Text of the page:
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Apollos was a man eminent in New Testament history. His special gifts in presenting Christian doctrine made him an important person in the congregation at Corinth, Greece, and his name came to be attached to a faction there (1 Cor. 1:12), but there is no indication that he favored or approved an overestimation of his person. Paul considered Apollos to be a valuable helper in carrying on his work in the important Corinthian congregation (1 Cor. 3:6, 4:6, 16:12).

In harmony with Paul's notices are the statements of the Acts of the Apostles (18:24-28) that Apollos was a highly educated Alexandrian Jew, who came to Ephesus (probably in 54), was instructed in the gospel there by Aquila and Priscilla, and afterward settled in Achaia, where, by the grace of God he showed himself useful to the Church.

It is difficult to get a correct idea of his religious standpoint; but it probably was that of the so-called disciples of John, of whom mention is made in Acts 19:1-7. Taken all in all, it may be said that Apollos was a zealous missionary, who, while confessing Jesus, did not have the full New Testament revelation, and stood in danger of becoming antagonistic to the apostolic message to all the world; he became, however, an adherent of the Pauline doctrine, and the author of the Acts of the Apostles thought this fact of sufficient importance to be included in his history. In the Epistle to Titus (3:13) Apollos is mentioned, with Zenas, as bearer of the letter to Crete.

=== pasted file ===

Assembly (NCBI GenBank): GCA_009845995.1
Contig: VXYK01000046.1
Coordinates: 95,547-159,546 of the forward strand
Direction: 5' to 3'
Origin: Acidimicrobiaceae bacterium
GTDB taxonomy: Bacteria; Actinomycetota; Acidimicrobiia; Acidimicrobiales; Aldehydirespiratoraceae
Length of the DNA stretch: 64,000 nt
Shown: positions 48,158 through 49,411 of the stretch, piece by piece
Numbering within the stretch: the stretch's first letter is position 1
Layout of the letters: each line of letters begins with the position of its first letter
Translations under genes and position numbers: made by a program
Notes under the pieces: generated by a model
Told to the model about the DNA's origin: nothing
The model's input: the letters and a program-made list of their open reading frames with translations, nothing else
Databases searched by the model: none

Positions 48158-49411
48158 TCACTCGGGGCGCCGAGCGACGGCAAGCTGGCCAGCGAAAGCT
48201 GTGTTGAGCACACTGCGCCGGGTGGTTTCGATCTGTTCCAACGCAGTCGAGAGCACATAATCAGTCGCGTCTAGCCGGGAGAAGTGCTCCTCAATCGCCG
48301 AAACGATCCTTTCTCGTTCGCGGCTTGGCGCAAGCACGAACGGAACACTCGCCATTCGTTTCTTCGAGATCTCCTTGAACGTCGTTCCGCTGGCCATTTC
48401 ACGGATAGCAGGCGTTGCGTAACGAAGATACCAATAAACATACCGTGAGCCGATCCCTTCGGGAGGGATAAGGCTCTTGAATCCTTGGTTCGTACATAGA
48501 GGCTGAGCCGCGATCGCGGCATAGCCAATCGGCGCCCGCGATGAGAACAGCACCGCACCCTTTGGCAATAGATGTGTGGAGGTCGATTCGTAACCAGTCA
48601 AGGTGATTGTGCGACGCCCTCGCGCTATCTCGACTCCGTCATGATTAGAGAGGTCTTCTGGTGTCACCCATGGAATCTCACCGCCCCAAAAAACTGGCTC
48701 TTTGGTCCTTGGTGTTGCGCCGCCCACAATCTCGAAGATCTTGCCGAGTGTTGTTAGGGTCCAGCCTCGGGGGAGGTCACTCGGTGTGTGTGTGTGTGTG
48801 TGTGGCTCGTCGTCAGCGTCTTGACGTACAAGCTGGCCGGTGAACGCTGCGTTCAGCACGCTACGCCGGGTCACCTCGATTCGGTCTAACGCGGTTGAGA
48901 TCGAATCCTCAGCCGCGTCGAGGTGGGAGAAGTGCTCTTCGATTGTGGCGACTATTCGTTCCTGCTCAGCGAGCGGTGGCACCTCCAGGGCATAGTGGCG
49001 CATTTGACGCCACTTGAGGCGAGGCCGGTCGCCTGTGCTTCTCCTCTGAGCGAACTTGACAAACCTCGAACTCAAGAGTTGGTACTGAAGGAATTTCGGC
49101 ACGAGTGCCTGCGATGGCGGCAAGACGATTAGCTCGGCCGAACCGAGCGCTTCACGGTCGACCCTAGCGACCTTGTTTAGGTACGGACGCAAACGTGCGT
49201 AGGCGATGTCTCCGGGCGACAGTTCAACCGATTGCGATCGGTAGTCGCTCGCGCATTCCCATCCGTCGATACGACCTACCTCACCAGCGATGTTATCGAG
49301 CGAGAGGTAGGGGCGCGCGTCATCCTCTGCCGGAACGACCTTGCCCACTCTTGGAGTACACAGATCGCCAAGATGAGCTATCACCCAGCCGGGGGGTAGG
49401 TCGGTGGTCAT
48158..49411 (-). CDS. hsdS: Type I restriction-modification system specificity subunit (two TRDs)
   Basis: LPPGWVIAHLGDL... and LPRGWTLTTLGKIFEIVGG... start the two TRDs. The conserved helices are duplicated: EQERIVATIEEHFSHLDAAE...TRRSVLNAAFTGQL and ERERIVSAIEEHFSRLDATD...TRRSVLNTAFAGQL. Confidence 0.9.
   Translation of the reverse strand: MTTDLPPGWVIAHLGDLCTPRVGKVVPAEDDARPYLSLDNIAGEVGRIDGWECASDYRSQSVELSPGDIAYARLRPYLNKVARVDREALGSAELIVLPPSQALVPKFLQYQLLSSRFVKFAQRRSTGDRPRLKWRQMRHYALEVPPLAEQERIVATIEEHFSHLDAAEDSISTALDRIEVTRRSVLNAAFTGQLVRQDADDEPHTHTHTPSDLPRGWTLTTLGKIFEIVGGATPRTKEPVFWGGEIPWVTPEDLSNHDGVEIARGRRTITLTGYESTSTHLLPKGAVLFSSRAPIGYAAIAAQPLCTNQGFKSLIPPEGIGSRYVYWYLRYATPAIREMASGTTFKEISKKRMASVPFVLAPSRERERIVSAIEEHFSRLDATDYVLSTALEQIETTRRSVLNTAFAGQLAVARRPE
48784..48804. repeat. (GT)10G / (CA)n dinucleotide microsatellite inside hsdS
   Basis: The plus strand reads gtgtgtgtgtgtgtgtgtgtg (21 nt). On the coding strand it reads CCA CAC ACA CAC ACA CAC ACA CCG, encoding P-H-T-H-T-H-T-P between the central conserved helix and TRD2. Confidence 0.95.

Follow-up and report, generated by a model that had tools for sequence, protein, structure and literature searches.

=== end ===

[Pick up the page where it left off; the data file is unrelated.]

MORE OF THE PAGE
The Epistle to the Hebrews has often been ascribed to Apollos, beginning with Martin Luther.

Initial text from Schaff-Herzog Encyclopedia of Religion